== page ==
“Recently I have come to appreciate the power of Socratic Seminar as a way to assess students’ understanding of a variety of types of text, as well as their ability to use evidence to craft a response to a question and to engage in high-level dialogue with their classmates about themes, author’s craft, and other elements of text.” – Cecilia (middle)

“When studying plot structure, I place my students into small groups then my clipboard and I move throughout the class listening to the interaction in each group. The moment I knew this form of assessment was the answer I was looking for was when I heard two students, two under performing, disinterested students, debating over which part of the story would best fit the criteria for the climax. Within a matter of minutes I could determine whether these students understood the elements of plot!” – Jill (elementary)

“Every day, I collect some kind of student artifact or record anecdotal evidence that demonstrates student mastery of the lesson’s objective, usually a quickwrite, learning log, or exit ticket. I then go through the artifacts or records and “make three stacks” (and sometimes four) based on a simple rubric that students see at the start of the lesson:

  • Got it and need more depth or complexity,
  • Need minor clarification and/or more practice, and
  • Need re-teaching and/or major clarification.

The next day, I address each group’s needs during the lesson, either in rotations or differentiated tasks. Throughout the unit, my goal is to move each group (and each student in it) toward its deepest possible level of mastery.” – Mary Beth (middle)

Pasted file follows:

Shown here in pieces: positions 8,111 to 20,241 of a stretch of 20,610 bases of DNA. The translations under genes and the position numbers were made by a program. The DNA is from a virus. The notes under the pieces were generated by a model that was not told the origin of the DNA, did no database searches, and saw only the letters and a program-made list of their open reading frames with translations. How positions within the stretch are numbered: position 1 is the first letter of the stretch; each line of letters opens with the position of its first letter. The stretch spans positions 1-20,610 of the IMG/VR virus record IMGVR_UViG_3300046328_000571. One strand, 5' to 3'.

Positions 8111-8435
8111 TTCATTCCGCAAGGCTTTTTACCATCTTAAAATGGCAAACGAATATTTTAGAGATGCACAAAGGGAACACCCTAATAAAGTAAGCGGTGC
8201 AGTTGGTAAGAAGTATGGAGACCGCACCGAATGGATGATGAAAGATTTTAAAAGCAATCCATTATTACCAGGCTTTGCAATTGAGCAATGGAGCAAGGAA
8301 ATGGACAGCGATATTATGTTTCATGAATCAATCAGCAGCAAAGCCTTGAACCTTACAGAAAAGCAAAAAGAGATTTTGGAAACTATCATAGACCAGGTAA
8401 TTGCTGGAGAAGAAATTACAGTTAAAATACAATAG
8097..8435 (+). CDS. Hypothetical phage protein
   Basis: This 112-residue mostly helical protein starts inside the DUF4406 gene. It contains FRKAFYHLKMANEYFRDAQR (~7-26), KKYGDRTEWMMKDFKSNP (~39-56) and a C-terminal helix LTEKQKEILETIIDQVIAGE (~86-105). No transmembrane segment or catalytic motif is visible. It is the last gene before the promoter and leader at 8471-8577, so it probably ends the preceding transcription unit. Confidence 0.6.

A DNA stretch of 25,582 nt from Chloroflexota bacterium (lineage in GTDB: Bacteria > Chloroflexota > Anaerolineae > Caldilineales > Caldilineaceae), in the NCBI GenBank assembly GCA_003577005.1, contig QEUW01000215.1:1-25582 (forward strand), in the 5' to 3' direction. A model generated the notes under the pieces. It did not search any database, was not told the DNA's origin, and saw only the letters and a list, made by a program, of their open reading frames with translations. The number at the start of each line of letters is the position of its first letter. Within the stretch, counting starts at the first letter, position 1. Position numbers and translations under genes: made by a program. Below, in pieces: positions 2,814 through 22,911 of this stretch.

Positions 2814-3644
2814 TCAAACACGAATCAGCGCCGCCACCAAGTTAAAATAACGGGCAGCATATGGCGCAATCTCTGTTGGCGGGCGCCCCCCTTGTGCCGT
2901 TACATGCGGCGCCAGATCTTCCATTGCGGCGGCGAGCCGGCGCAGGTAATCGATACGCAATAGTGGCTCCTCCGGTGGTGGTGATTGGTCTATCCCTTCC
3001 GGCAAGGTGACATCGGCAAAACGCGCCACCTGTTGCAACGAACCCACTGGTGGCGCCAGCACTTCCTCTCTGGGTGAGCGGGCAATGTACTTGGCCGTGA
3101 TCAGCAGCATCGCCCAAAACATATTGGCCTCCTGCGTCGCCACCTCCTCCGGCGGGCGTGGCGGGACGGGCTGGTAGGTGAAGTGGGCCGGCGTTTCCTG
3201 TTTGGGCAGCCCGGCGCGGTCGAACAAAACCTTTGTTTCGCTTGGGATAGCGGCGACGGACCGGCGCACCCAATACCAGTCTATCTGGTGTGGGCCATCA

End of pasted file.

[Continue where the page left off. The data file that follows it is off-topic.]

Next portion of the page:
“I do have one “recurring assessment” in Kindergarten that I do in Aug/Nov/Feb/May that is really powerful for myself and parents.

  1. Is how to write your name (this is an awesome way to document letter formation, fine motor control, how to spell the name, etc..)
  2. A list of 5 cvc words. At the beginning of school, most kids don’t get them. By Feb, most do. The parents think it is so impressive. And if a student does have them spelled correctly in Aug. that tells me important information as well!
  3. I also do a self-portrait at each of these dates as well. You can see the child “grow” in front of your eyes.”

– Anonymous (elementary)

“I’ve gamified my classrooms this year, adopting (as part of my assessment process) a badge-based system. Students may earn badges in a wide array of areas (collaboration, editing, discussion, leading study groups, competitive quizzes, and more). Some students become virtual experts in one area, earning higher and higher badge levels. Other students become somewhat versed in multiple areas, earning low or mid-level badges across the board. This me to help identify and enhance individual strengths rather than judging all students on averages only. Although their badge grade is only one part of their final assessment/semester grade, in my opinion, the grade they receive there is more reflective of their actual progress than any standardized test or final exam can measure.” – Danielle (middle)

“I like blogging because the kids do not realize it’s an assessment. It’s an online conversation that feels authentic because it’s the way they see their friends and parents communicating.” – Margaret (elementary)

Want to learn more? Check out our #NCTEonAir event June 3 at 8pm ET.